[5] From these cases, it appears that the right of confidentiality the Supreme Court first articulated in Whalen v. Roe, supra, in its broadest application, protects against disclosure only of certain particularized data, information or photographs describing or representing intimate facts about a person. The case law does not support the existence of "a general right to nondisclosure of private information." J.P. v. DeSanti, 653 F.2d 1080, 1090 (6th Cir. 1981) (right does not afford protection against governmental disclosure of juvenile court records).

[6] On this understanding of the nature and scope of the confidentiality branch of the right of privacy, we are unable to find constitutional fault in the ADATSA shelter program. There is no evidence that shelter residents must disclose intimate personal information to obtain shelter benefits. While residents share many shelter facilities, and thus must undertake many daily life activities in view of one another, we do not believe this results in invasions of constitutionally protected privacy interests. "Exposure of the self to others in varying degrees is a concomitant of life in a civilized community." Time, Inc. v. Hill, 385 U.S. 374, 388, 17 L.Ed.2d 456, 87 S.Ct. 534 (1967). With respect to those aspects of personality, appearance and behavior that ordinarily would be exposed in public, therefore, respondents have no legitimate claim to privacy. See, e.g., Nixon v. Administrator of Gen. Servs., supra at 459; Katz v. United States, 389 U.S. 347, 351, 19 L.Ed.2d 576, 88 S.Ct. 507 (1967); United States v. Dionisio, 410 U.S. 1, 35 L.Ed.2d 67, 93 S.Ct. 764 (1973); United States v. Mara, 410 U.S. 19, 35 L.Ed.2d 99, 93 S.Ct. 774 (1973).

ADATSA shelter residents share sleeping quarters, bathrooms and dining areas. In some facilities, two or three residents share a room. Two of the larger facilities in Seattle have 50 to 60 beds in a dormitory setup, in one case with partitions separating the beds, in another with no partitioning.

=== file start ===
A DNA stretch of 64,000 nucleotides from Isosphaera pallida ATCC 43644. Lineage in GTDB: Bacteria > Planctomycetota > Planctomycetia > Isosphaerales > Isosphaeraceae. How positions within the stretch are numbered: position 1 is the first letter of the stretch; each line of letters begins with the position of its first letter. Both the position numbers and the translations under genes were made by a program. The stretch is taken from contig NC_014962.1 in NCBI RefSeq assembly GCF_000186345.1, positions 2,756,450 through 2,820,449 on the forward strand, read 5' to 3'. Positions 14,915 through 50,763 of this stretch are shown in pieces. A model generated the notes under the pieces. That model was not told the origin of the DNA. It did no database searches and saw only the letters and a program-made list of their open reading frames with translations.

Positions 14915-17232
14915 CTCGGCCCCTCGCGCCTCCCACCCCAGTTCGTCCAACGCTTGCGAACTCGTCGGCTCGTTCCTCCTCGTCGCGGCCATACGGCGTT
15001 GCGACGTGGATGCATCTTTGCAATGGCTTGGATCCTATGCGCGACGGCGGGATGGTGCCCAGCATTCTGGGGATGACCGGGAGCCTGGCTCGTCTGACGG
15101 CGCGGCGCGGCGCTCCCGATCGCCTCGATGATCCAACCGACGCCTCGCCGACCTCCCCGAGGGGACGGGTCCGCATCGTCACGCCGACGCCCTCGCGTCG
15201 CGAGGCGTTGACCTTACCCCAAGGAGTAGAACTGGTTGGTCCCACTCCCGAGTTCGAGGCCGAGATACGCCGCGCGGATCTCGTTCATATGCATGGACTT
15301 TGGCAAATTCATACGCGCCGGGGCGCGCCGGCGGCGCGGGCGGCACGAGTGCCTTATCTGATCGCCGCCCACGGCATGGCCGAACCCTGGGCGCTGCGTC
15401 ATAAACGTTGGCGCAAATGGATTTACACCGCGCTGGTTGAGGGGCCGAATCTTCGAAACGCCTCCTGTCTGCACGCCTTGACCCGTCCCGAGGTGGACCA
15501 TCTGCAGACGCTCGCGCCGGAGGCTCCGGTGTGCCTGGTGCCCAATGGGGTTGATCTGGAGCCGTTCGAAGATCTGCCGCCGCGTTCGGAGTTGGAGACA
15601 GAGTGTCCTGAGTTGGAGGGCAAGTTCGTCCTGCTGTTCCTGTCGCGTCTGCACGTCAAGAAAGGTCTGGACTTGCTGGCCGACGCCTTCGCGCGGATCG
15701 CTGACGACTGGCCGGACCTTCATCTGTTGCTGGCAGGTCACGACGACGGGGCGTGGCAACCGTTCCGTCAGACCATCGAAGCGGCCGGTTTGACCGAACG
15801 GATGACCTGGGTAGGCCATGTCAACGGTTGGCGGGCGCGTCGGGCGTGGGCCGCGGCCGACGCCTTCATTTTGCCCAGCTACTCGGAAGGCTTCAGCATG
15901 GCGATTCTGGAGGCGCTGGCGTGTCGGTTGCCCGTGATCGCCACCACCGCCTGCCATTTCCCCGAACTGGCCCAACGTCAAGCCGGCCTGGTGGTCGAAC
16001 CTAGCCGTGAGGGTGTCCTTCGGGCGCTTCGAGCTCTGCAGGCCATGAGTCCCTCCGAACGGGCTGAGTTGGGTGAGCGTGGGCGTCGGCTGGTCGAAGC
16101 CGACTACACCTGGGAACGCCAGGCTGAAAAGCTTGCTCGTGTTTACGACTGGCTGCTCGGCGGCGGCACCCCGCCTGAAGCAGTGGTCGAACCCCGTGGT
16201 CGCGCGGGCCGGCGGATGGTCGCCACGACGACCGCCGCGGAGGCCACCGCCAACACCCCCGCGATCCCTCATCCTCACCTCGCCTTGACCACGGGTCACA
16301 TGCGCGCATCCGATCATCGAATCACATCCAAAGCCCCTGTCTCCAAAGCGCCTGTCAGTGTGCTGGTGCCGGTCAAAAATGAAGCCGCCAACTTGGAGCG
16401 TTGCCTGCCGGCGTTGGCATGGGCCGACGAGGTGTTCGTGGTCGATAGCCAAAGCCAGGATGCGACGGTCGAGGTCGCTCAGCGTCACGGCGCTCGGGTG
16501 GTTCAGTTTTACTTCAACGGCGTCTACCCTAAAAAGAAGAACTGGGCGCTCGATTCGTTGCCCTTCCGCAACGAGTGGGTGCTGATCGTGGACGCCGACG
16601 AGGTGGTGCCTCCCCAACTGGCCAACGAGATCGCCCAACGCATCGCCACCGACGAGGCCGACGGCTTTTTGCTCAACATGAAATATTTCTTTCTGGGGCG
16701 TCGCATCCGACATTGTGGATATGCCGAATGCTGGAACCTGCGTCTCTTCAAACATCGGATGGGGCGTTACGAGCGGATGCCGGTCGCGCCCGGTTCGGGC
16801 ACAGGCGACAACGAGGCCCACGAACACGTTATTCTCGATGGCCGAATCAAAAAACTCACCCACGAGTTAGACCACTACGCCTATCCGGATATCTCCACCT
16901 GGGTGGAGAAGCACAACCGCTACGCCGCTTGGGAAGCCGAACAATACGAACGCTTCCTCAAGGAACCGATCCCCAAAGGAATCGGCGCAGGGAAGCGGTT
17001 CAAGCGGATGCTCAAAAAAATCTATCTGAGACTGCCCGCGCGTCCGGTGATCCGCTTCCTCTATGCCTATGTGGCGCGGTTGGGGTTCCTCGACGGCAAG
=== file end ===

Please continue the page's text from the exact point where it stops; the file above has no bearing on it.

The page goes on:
Beyond what is already public — visage, voice, mannerisms, etc. — we cannot discern what it is that respondents feel the group shelter unreasonably requires them to reveal. The record respondents have compiled establishes only that shelter residents share living facilities. Nothing about how these facilities are organized suggests that residents suffer a degrading or embarrassing invasion of intimate aspects of their person. Compare Forts v. Ward, 471 F. Supp. 1095 (S.D.N.Y. 1978), vacated on other grounds, 621 F.2d 1210 (2d Cir. 1980). Respondents cite no case, moreover, and we have discovered none, holding that mere cohabitation or coexistence interferes with personal privacy rights. Indeed, such a notion would imperil the efficient operation of any number of public programs in the areas of health care, housing, corrections, education and the military. Cf. Barrows v. State, 106 Idaho 901, 684 P.2d 303 (rebuffing constitutional challenge to group living arrangements at state hospital), cert. denied, 469 U.S. 1074 (1984). In the absence of relevant authority, we decline to expand the privacy right in this manner. Cf. J.P. v. DeSanti, supra at 1088-91.